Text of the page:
Burgos improves, but it's not enough as Crew falls

Righty gives up three runs in five frames as offense quieted by Liriano

Burgos improves, but it's not enough as Crew falls

PITTSBURGH -- It was better than his last start, but it still wasn't good enough to help the Brewers get past their struggles at the plate and stop their May slide.

Hiram Burgos wanted to erase his previous outing, the one when he gave up 10 earned runs over three innings against the Reds on May 11. Putting up zeros over the first three frames Thursday night helped him do just that as he tried to make the one run the Brewers scored in the opening frame stand up.

But it didn't last. The Pirates scored one in the fourth to tie it, then Travis Snider's two-run shot in the fifth gave them a two-run lead that they would not relinquish, to send Milwaukee to its third straight defeat in Pittsburgh, 7-1. The Brewers are now 1-6 on this road trip and 2-12 in the month of May.

"The last game, I just put it away," said Burgos, who went five innings and allowed three runs on eight hits. "Today was a new game. I just went out there, trying to get people out and make my pitches. The outcome wasn't what I was wanting, or what the team was wanting, but that's part of the game."

The Brewers did take the lead in the top of the first when Jean Segura singled with one out, stole second and scored on Jonathan Lucroy's two-out single to center field. It was the first lead the Brewers had held in Pittsburgh since the eighth inning of Tuesday night's game, an eventual 5-4, 12-inning loss.

That was also the start of the Brewers' particular woes with runners in scoring position. Milwaukee was 1-for-5 in Thursday's loss and it's gone 2-for-20 during this three-game skid against Pittsburgh. The Pirates, on the flip side, went 5-for-12 with runners on second or third on Thursday.

"It makes a big difference," manager Ron Roenicke said. "They were getting big hits when they needed to. That's why they're outscoring us.

"It does [get contagious]. Guys start pressing, trying to do a little bit more. You can't blame them. That's the nature of it. But offense creates a lot of good emotions, a lot of chemistry going on when you score -- you get enthusiastic on the bench. When you're not scoring runs, it's hard to get motivated as a group. You can individually, but we need to grind out some runs and get that good feeling back again that we can score a bunch of runs."

"We feel like we're a winning team," said Carlos Gomez, who went 0-for-4 on the night. "I feel embarrassed sometimes myself, when I have a man on second and I don't move him. I guarantee everybody feels the same. When we're supposed to do something, we don't do it, and we lost the game. How do you feel in that position? You feel embarrassed, you feel pissed off after the game."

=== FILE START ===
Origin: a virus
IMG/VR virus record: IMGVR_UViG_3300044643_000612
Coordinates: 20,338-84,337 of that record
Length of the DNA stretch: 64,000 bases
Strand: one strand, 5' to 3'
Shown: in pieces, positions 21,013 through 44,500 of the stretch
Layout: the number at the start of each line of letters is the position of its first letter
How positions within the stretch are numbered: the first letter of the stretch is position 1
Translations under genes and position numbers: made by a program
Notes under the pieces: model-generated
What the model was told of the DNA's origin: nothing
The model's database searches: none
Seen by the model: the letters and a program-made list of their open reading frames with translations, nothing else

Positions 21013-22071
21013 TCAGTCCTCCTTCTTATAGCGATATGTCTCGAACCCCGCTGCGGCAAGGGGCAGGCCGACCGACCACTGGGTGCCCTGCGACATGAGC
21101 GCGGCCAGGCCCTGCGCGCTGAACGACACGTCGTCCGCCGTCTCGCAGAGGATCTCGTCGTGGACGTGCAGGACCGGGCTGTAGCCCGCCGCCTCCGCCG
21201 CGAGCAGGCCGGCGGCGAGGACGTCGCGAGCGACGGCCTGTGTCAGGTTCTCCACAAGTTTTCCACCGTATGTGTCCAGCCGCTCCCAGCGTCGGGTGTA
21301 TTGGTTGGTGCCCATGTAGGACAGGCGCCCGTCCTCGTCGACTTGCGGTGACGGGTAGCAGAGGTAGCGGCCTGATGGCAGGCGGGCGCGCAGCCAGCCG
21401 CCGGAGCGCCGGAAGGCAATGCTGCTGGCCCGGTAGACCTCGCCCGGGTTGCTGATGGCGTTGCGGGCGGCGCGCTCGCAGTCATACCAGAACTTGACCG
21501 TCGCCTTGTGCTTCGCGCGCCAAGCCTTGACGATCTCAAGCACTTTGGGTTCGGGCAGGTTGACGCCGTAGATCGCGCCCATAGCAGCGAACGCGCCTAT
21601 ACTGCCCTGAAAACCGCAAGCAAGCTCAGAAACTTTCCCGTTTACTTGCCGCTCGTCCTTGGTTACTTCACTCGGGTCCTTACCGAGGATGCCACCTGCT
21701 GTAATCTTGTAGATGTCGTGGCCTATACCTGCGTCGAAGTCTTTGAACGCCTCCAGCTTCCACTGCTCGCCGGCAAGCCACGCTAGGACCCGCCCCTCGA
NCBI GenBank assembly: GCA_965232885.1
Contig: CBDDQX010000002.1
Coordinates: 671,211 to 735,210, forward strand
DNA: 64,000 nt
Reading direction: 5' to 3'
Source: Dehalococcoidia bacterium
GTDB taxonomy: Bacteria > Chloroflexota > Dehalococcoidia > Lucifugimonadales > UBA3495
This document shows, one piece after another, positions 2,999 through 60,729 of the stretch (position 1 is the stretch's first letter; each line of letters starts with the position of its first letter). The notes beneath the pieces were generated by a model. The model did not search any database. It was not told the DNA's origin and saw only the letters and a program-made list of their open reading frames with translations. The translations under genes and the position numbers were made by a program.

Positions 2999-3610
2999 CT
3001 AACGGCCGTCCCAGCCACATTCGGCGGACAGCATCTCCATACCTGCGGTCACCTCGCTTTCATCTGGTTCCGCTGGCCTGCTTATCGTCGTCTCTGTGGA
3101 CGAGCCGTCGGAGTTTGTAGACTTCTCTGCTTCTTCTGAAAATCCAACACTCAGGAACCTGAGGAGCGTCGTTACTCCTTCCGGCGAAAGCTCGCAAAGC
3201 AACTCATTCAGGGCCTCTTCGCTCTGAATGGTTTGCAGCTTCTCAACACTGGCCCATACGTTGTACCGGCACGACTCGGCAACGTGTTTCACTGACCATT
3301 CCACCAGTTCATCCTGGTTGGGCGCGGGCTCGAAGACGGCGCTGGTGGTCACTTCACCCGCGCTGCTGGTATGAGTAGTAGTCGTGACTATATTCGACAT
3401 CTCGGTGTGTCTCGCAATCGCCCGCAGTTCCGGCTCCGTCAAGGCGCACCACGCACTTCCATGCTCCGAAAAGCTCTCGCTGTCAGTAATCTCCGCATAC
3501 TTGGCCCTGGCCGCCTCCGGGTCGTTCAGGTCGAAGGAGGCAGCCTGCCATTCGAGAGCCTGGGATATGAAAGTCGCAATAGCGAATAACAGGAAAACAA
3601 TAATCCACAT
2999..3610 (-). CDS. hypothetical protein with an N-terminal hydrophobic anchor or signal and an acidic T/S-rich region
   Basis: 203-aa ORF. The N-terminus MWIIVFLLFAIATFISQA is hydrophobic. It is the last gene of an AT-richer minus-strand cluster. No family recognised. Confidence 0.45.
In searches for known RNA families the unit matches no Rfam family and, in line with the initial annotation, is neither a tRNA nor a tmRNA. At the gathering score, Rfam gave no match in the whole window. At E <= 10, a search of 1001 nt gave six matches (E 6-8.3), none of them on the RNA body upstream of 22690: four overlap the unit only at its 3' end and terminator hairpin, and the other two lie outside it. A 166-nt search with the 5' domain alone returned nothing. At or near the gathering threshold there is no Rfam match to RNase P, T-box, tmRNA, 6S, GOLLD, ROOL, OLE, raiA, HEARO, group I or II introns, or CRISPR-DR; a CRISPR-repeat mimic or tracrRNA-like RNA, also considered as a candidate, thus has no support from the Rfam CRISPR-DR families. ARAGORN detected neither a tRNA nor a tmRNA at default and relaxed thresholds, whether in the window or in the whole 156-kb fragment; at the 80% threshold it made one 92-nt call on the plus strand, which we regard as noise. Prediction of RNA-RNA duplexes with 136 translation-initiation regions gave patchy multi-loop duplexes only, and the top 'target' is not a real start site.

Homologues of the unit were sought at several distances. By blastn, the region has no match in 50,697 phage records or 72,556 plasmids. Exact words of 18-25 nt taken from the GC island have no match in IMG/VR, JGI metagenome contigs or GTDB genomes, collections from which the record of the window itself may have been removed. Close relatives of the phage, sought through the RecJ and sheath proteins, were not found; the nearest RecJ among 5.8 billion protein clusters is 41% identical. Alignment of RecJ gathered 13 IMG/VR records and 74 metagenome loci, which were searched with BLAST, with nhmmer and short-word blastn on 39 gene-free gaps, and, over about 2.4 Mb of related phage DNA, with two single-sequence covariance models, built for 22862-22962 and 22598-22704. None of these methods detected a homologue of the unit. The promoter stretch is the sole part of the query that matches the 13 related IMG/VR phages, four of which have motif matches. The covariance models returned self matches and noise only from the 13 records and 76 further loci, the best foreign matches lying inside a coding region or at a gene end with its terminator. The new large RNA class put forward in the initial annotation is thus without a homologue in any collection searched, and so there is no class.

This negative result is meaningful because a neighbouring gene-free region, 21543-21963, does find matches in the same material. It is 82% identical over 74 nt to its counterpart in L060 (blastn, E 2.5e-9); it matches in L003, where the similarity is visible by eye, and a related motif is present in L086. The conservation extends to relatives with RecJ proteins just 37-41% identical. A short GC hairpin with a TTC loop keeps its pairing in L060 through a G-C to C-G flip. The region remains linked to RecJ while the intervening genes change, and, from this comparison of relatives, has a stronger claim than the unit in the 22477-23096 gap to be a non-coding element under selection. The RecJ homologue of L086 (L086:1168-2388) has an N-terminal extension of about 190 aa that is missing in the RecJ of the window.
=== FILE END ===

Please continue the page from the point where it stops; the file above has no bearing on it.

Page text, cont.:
Without that run support, Burgos tried to keep the Brewers in the ballgame. He pitched out of trouble in the second inning, but allowed the tying run in the fourth. A two-out walk to Alvarez in the that inning hurt Burgos as Alvarez surprisingly stole second and came around to score on Clint Barmes' double.

There was more trouble in the fifth, and Burgos couldn't escape or minimize the damage. Starling Marte led off with a bunt single when Yuneisky Betancourt's barehanded play and throw was mishandled by Alex Gonzalez at first. Snider turned on Burgos' first offering and drove it over the right-center-field bleachers, a blast that eventually rolled into the Allegheny River. It was apparent that Burgos had Alvarez's stolen base -- and Snider's from earlier in the game -- in the back of his mind.

"I thought he threw a good ballgame," Roenicke said of Burgos. "Before the home run, we make a play there, it's a little different. He's trying to be quicker to the plate to make sure they don't steal on him, and he left a ball out over the plate."

"He's a fast runner," Burgos said about Marte. "We had two slower runners who stole a base. In that situation, I have to stop, hold the ball and control the running game. At the same time, I have to execute my pitches. That didn't happen that time. It was a fastball that stayed up in the zone. He got a good swing on it."

The Brewers' offense, meanwhile, couldn't figure out a way to solve Liriano, who was making his second start with the Pirates. The left-hander struck out seven in 5 2/3 innings and gave up six hits. Milwaukee did put two runners on in the sixth, courtesy of a walk and an error, but couldn't cash in as pinch-hitter Aramis Ramirez flew out to center off of reliever Justin Wilson to end the threat. The Pirates piled on four in the sixth against reliever Alfredo Figaro to put the game out of reach.

"I thought that we better not wait," Roenicke said. "If we had an opportunity early, their bullpen is good. When you're trying to scratch out runs in the eighth, ninth inning with a good bullpen, it's not going to happen very often."

It doesn't necessarily get any easier for the Brewers, who travel on to first-place St. Louis, where they haven't always played well. Milwaukee is 1-6 against the Cardinals so far this season.

"The good thing, we go to St. Louis, if we win three games in St. Louis or if we win the series, that pumps the team up," Gomez said. "How we feel now, we go there angry to win games. If we win in St. Louis, things are going to change quick. We've struggled the last two series. If we win there, everybody is going to start to feel confident and feel more energy."

Jonathan Mayo is a reporter for MLB.com and writes a blog, B3. Follow @JonathanMayoB3 on Twitter. This story was not subject to the approval of Major League Baseball or its clubs.